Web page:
At times clients disappoint you and you may say things you regret
New Fillmore Magazine May 2009
By Paula Pagano
Frank Woods is one of my most favorite clients. He decided his current house is too small for him, his new fiancée, Linda, and her five-year-old son.
Frank is bright, witty and charming, with a high profile job in the insurance business. He also has plenty of money and such an easygoing personality that it is a real joy to work with him. We have become good friends and even see each other socially. He is a great source of referrals. He sings my praises and lauds my merits to his influential circle of friends.
In the span of a few months, I find him a magnificent (and very expensive) home in Pacific Heights. To make sure we win the bid (it’s a seller’s market), we get our inspections and disclosures done before the offer date. As I am driving to Yosemite to celebrate my birthday, I get a call on my cell phone. I’m in high spirits, thinking our non-contingent over-asking offer is a sure thing. It is Darlene, the listing agent, on the phone.
“Frank just called and withdrew his offer.”
I gasp, searching for what to say. “He did what? What reason did he give?”
“No reason. You better call him and straighten this out. I am meeting with my sellers in an hour. You still have time.”
I call him immediately. Although Frank is an astute businessman with a prestigious job, he is nervous. I feel exasperated. I expected much more of him. All the time we spent looking was for nothing. He’s about to miss out on a great house. He tells me he could not sleep at all the night before. Instead of recognizing his buyer’s remorse, I got irritated.
“We’ve done our inspections. The house is in perfect condition and in your most favorite neighborhood. It is such an opportunity,” I plead.
“I just can’t go through with it,” he says.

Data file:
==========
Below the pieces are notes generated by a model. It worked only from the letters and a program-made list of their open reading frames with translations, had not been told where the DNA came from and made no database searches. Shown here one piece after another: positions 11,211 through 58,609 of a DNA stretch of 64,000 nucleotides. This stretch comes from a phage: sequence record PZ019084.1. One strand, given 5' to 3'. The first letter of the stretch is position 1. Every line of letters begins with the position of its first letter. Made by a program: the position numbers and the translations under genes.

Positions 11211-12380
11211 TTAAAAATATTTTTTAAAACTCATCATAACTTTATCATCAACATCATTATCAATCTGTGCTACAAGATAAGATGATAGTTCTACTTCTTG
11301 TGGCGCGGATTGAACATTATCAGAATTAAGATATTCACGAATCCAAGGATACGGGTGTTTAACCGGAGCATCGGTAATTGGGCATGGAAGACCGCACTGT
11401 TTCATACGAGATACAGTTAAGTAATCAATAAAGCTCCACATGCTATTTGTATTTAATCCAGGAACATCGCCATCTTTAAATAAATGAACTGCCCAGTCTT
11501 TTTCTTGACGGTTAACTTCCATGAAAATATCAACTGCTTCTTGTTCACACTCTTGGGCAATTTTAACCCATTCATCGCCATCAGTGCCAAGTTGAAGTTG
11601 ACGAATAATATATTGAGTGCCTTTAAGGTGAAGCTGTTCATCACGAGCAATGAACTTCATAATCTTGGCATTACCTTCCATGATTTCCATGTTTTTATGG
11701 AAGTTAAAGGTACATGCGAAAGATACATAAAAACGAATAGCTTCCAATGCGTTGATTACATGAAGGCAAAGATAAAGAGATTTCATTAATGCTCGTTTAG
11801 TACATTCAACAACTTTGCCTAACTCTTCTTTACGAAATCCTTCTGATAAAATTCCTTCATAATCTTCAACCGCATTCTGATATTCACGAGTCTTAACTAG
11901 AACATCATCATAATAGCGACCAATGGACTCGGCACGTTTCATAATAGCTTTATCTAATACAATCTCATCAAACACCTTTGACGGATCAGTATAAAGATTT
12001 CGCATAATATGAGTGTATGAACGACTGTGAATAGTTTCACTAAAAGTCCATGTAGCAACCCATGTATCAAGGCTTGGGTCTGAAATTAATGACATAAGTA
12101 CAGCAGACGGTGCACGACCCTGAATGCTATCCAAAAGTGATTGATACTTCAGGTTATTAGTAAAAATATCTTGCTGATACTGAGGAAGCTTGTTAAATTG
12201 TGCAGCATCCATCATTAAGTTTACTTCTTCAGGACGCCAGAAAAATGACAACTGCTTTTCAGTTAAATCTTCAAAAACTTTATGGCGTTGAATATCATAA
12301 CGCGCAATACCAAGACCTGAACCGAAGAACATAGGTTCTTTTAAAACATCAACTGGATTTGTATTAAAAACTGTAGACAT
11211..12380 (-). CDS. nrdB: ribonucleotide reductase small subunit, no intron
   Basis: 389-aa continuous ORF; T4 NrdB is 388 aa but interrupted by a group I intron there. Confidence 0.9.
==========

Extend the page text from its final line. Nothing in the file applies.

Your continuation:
“But this is your dream house.”
“I’m not ready,” is his answer.
I start to get forceful. I tell him how embarrassing it is for me to withdraw an offer already in place. I remind him how prestigious an address it is. I know I shouldn’t be thinking of my feelings, but I let him know how embarrassed I am letting down a top-selling agent in my own office.
As a professional, I should be detached, but I cannot contain my disappointment. I feel the anger collecting at the bottom of my throat. Instead of throwing the phone, I do something worse. I attack him where he is most vulnerable.
“Did Linda put you up to this?” I can almost hear the venom in my voice.
There is a silence at the other end of the phone. I have made a huge miscalculation. My bitter words hang like drawn daggers in the air. Cruel words which I cannot take back. He does not answer, but rushes a goodbye. I wonder if it will be goodbye for good. Will I ever be able to amend the hurt I just caused to my friend and client?
When I return from my vacation, Frank avoids all my phone calls. A few months later I notice his home listed with someone else and wonder where on Millionaire Row he lives now. I still write and call him occasionally, but never hear back.
Excerpted from Secrets of a Top Salesperson, ©2009 by Paula Pagano.